News Release

Iris recognition technology with exclusive use of electron donor

Peer-Reviewed Publication

Pohang University of Science & Technology (POSTECH)

Figure 1


Multifunctionality of perfluoroaryl azide photo-crosslinker

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As the main character widens his or her eyes before a securely shut door, the iris recognition system swiftly responds, swinging the door open. This scenario isn’t confined to the realm of cinema; today, numerous airports worldwide employ iris recognition sensors. This is possible thanks to the photodiode, a device that transforms light into electrical signals. However, the electron acceptor, which enhances these signals, is highly susceptible to environmental factors, impeding its commercialization.


Recently, a collaborative research team led by Professor Dae Sung Chung and Dr. Juhee Kim from the Department of Chemical Engineering at Pohang University of Science and Technology (POSTECH), Professor BongSoo Kim from the Department of Chemistry at UNIST, Professor Do Hwan Kim and Hyukmin Kweon from the Department of Chemical Engineering at Hanyang University,  and Myeongjae Lee from Korea University developed a photomultiplication-type organic photodiode (PM-OPD) that operates without the need for an electron receptor. Their findings were published on July 8 (local time) in Advanced Materials, a renowned journal in the field of materials science.


Organic photodiodes possess the capability to recognize various colors without the use of color filters, making them valuable in diverse applications such as biometric recognition technology, cameras, and optical communications. Among these, the PM-OPD stands out as an optical device that efficiently covers and amplifies visible light into electrical signals, excelling even in low-light conditions. This process hinges on the absorption of photons, resulting in the creation of electrons and holes at the interface between the electron donor and acceptor, ultimately leading to the trapping of electrons.


In this research, the research team employed a perfluoroarene-based photo-crosslinker to bolster the electrochemical stability of the device, replacing the electron acceptor. Capitalizing on the “Interfacial band bending” effect occurring between the perfluoroarene and the electron donor, the PM-OPD swiftly disassembled the exciton into discrete electrons and holes. Furthermore, these segregated electrons catalyzed the generation of additional holes within the device through the phenomenon of electron trapping, consequently enhancing the flow of current. This study is the first case that demonstrates the induction of an optical amplification phenomenon in organic photodiodes without the electron acceptor, a crucial component in conventional designs.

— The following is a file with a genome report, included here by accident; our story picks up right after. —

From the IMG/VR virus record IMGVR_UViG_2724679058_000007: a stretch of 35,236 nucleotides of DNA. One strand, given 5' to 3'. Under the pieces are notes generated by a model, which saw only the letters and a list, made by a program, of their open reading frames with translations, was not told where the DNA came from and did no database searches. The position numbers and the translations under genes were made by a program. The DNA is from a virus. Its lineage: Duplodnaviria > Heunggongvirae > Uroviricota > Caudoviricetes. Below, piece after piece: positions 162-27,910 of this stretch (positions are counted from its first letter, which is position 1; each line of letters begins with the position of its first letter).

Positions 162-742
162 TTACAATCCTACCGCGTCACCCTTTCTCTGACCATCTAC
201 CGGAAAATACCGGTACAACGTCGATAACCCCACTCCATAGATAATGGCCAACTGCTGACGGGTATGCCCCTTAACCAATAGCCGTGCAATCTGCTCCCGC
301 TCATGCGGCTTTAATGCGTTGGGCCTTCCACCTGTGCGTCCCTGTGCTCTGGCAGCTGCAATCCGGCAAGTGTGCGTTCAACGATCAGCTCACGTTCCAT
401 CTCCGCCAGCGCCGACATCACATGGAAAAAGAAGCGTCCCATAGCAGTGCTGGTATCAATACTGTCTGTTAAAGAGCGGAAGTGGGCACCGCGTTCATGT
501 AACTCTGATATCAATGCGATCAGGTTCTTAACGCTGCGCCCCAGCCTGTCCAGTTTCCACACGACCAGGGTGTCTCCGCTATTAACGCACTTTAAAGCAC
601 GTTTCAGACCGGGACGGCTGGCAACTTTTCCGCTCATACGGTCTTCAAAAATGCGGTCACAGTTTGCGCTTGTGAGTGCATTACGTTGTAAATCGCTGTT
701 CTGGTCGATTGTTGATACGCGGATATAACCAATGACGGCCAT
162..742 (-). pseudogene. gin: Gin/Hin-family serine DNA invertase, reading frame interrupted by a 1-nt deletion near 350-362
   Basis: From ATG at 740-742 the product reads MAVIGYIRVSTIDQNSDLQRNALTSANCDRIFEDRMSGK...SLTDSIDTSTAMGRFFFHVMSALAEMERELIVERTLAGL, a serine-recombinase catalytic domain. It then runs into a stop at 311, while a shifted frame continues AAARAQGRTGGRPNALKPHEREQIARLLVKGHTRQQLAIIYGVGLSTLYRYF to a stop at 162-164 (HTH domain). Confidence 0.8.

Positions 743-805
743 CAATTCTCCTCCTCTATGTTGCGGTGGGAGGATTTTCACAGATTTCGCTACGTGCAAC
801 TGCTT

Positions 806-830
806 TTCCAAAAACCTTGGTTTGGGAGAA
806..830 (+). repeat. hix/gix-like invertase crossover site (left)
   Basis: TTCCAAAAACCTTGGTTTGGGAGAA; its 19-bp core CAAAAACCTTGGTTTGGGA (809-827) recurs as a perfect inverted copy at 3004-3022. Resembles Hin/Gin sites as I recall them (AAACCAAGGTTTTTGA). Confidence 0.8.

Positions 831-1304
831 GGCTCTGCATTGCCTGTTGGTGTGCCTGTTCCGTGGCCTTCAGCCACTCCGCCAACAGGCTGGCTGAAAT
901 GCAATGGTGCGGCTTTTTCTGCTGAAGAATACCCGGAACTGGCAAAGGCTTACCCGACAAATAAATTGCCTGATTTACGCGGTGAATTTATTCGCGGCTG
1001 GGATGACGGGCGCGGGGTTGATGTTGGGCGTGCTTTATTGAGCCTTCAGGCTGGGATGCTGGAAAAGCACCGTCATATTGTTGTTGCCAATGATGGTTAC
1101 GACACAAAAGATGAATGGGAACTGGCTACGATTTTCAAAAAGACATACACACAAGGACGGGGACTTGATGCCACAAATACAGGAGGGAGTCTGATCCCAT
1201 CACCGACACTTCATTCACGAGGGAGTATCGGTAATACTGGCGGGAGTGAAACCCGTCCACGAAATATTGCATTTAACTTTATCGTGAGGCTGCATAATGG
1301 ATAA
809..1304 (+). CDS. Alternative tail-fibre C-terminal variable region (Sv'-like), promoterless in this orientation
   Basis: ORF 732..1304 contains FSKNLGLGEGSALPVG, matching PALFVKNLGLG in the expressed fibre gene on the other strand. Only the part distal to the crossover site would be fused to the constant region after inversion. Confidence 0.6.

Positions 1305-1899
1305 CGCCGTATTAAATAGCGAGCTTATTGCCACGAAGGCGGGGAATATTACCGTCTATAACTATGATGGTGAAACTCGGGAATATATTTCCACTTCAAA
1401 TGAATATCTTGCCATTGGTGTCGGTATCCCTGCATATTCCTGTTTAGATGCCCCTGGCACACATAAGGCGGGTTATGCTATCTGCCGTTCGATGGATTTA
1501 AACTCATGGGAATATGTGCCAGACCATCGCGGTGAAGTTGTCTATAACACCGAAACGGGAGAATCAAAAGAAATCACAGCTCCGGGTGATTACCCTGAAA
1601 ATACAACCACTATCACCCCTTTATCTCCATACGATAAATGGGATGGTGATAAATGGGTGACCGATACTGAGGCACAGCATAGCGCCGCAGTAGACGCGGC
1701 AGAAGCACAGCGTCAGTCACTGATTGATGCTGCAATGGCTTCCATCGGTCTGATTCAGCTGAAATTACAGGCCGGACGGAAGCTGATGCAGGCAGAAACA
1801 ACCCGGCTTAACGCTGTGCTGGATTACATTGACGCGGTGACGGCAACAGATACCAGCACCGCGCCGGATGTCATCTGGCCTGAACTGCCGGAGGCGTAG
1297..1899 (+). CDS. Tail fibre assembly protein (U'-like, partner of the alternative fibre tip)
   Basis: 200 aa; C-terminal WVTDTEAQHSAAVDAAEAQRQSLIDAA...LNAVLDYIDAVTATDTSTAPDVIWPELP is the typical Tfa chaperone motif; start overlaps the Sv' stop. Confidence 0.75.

Subsequently, the research team achieved a milestone by fabricating an organic image sensor characterized by exceptional sensitivity, stability, and full-color capability. They accomplished this by patterning the PM-OPD in accordance with the three primary colors of light (red, green, and blue) on the sensor’s surface.


Professor Dae Sung Chung who led the research remarked, “Through this research, we have realized an organic photodiode with stability and color selectivity.” He further noted, “We anticipate that this breakthrough will greatly contribute to the future commercialization of organic image sensors.”


The research was sponsored by Samsung Future Technology Incubation Program.

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